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Oct 01
Katelyn Snider, U.S. Communications and Public Affairs
4 Phases of Clinical Research Studies

In case you missed it, last week we covered the basics of clinical research but there is a lot more to how a drug eventually makes it to patients. In fact, only 12 percent of medicines that enter clinical research will ever make it to patients.1

This week, we’re exploring the four phases that make up clinical research studies as well as what is studied during each step. 

Phase 1: This phase typically consists of 50 to 100 healthy volunteers. During phase 1, researchers assess the drug’s safety, determine the side effects, and evaluate how the drug should be taken. 

Phase 2: Typically, 100 to 300 patients with the condition for which the medicine, device, product, or treatment has been developed participate in this next phase. Researchers look to assess the short-term safety and effectiveness of the drug, find the dose at which it works best with the least side effects, and conduct a small-scale placebo comparison.

Phase 3: In phase 3, the pool of volunteers must be must larger. Typically, between several hundred and several thousand patients participate, so researchers can confirm the drug’s safety and effectiveness and compare the new drug to other compounds (e.g., a placebo or other therapies). 

Following the completion of Phase 3, a drug is approved (or not approved) by the U.S. Food and Drug Administration (FDA) for use by specific patients. Phase 4 may only begin if the drug is approved.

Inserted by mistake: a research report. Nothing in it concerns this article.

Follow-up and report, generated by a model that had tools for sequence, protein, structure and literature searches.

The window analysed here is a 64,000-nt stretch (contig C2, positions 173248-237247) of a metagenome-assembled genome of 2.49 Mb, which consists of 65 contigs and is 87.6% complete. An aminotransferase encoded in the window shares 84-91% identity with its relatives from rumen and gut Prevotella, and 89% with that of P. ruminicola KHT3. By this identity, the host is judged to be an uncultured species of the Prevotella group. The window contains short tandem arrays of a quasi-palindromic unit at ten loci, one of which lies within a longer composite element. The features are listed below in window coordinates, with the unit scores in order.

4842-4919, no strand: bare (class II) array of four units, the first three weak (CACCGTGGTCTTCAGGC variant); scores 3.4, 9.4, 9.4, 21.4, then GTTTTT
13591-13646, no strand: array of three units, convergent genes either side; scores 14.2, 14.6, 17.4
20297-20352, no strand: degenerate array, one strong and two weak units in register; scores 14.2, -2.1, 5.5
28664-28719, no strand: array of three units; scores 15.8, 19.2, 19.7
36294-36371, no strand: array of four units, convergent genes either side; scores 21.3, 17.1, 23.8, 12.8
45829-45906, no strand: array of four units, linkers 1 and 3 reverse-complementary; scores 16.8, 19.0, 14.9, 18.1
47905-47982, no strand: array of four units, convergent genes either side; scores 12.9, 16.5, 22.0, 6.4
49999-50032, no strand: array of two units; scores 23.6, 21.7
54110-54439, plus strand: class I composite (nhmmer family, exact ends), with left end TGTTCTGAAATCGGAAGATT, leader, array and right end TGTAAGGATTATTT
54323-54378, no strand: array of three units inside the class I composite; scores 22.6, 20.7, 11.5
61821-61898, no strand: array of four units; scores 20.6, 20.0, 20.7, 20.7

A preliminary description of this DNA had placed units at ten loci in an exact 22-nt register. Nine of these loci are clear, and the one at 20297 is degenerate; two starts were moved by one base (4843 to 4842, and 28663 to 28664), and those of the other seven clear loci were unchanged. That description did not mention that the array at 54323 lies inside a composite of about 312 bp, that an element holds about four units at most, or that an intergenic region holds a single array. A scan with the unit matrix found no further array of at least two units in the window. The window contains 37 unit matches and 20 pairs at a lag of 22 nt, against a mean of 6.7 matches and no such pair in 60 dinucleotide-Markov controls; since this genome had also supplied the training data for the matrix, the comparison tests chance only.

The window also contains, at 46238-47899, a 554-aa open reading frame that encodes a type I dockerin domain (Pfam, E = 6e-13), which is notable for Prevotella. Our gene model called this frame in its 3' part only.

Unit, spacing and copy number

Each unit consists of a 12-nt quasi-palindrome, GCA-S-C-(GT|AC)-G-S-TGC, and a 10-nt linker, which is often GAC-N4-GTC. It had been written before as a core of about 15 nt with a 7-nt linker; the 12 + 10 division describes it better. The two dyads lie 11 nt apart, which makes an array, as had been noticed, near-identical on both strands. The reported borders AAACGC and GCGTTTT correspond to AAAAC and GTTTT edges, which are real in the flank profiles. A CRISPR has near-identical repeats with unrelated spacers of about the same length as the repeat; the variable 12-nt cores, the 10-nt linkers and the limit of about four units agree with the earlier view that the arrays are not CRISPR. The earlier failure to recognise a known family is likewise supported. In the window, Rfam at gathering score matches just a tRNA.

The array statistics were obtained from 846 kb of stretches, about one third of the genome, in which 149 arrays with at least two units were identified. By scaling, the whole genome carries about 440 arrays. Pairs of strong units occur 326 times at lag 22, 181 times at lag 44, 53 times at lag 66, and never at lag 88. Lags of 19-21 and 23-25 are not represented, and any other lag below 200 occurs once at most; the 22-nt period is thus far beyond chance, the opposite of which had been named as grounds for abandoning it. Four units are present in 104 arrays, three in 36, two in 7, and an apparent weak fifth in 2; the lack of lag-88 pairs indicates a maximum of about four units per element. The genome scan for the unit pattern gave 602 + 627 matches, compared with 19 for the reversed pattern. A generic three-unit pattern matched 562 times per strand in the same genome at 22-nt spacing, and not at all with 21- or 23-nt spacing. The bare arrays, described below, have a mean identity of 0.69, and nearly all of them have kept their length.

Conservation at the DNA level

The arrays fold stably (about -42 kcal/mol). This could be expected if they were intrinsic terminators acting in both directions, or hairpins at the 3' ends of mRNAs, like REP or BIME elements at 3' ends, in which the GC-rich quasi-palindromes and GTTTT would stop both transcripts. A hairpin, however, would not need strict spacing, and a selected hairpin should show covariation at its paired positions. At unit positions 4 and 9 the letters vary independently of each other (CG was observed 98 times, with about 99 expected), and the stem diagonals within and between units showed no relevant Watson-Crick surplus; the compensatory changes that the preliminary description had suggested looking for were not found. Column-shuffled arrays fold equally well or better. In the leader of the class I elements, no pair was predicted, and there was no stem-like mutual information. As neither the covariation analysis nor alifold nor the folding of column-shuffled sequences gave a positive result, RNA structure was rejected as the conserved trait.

Phase 4: Finally, after the drug is approved researchers look to study the effectiveness of the drug in a wide variety of patients as well as monitor the safety in a large group and enable the development of new uses for the compound. These studies often involve thousands of patients and can inform future research and development.

Voluntary participation in clinical trial research helps scientists bring new medicines to patients faster, but should be considered carefully in conjunction with advice from a healthcare professional. To learn more, check back next week about the benefits and potential disadvantages of participating in a clinical research study. Find details about UCB’s Clinical Studies or search the independent registry, clinicaltrials.gov.


  1. Pharmaceutical Research and Manufacturers of America. Research & Development Clinical Trials. Retrieved from https://www.phrma.org/advocacy/research-development/clinical-trials 

For more in our series on clinical studies, check out:

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